In doing the research, the team tried to clarify the definitions of the terms used by the Treasury and found that ‘premium’ was one term that had been warped significantly.

She blamed not just Government ministers and policy-makers, who should know better, but also lamented the fact that the idea of a pay premium had taken hold in the public imagination and entered common parlance in terms of economic debate.

She said: “You might talk about a gap, or you might talk about a differential, but to talk about a ‘premium’, as if people are doing the same thing but are just getting extra pay for it, is very misconceived and actually mischievous. One of the findings we had discussed in some depth was that in fact there are many factors which mean we are not comparing like-for-like.”

In her opinion, the way the Treasury uses the term glances over crucial differences between roles and contexts in the two sectors, such as the size of organisations and type of work. The report says: “The relatively simple comparisons used by the Treasury are synonymous to comparing ‘apples with oranges’: and strangely or not, this is a habitual fallacy of ‘pop’ economics and statistics.”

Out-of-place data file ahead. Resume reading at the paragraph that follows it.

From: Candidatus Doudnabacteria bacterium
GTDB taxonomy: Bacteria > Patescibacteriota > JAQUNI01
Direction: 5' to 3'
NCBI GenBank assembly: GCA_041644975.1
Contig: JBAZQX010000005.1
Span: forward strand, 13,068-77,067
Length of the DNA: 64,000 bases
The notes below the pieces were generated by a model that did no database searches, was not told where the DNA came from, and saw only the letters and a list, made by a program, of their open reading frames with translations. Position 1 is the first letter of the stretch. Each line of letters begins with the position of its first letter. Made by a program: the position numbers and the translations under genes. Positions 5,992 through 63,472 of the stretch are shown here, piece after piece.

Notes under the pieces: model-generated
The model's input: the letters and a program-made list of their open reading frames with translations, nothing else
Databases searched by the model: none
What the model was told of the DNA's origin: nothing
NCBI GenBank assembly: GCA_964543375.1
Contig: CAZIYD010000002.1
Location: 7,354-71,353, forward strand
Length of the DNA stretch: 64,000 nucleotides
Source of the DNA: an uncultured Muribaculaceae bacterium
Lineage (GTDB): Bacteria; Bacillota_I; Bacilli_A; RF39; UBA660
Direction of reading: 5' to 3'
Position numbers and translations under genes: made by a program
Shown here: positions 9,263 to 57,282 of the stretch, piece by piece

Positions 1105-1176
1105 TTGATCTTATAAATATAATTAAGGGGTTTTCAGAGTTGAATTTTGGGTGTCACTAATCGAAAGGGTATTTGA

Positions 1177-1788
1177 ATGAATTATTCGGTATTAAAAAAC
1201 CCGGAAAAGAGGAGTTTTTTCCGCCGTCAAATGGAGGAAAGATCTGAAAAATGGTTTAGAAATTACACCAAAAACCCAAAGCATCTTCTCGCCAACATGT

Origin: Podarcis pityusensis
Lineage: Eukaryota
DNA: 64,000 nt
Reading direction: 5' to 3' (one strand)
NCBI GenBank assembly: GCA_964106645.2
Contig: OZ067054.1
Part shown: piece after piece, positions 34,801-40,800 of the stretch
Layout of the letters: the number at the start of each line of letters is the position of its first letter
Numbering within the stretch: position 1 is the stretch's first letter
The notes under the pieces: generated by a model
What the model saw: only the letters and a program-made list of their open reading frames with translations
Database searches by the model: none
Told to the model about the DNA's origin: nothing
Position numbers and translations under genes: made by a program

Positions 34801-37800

Managing the bill

Lurking behind the controversial regional pay proposals is, of course, the Government’s overriding desire to cut the deficit; but it seems the Treasury has done little to prove the plans would even save money.

Kersley found that the Government’s research didn’t account for many factors used to accurately calculate Government savings. Far from saving money, the move appeared to only drive up costs.

She told PSE: “Yes, you are making a saving on the public sector wage bill. But when you then take account of the fact that you are getting less tax revenue because people are earning less, and if you’re not making that up by an equivalent number of private sector jobs being created at a decent wage that will yield that tax benefit, then in terms of public finances, what we see in the wash is that any savings you make are going to be quite small relative to the economic impacts that you are having.”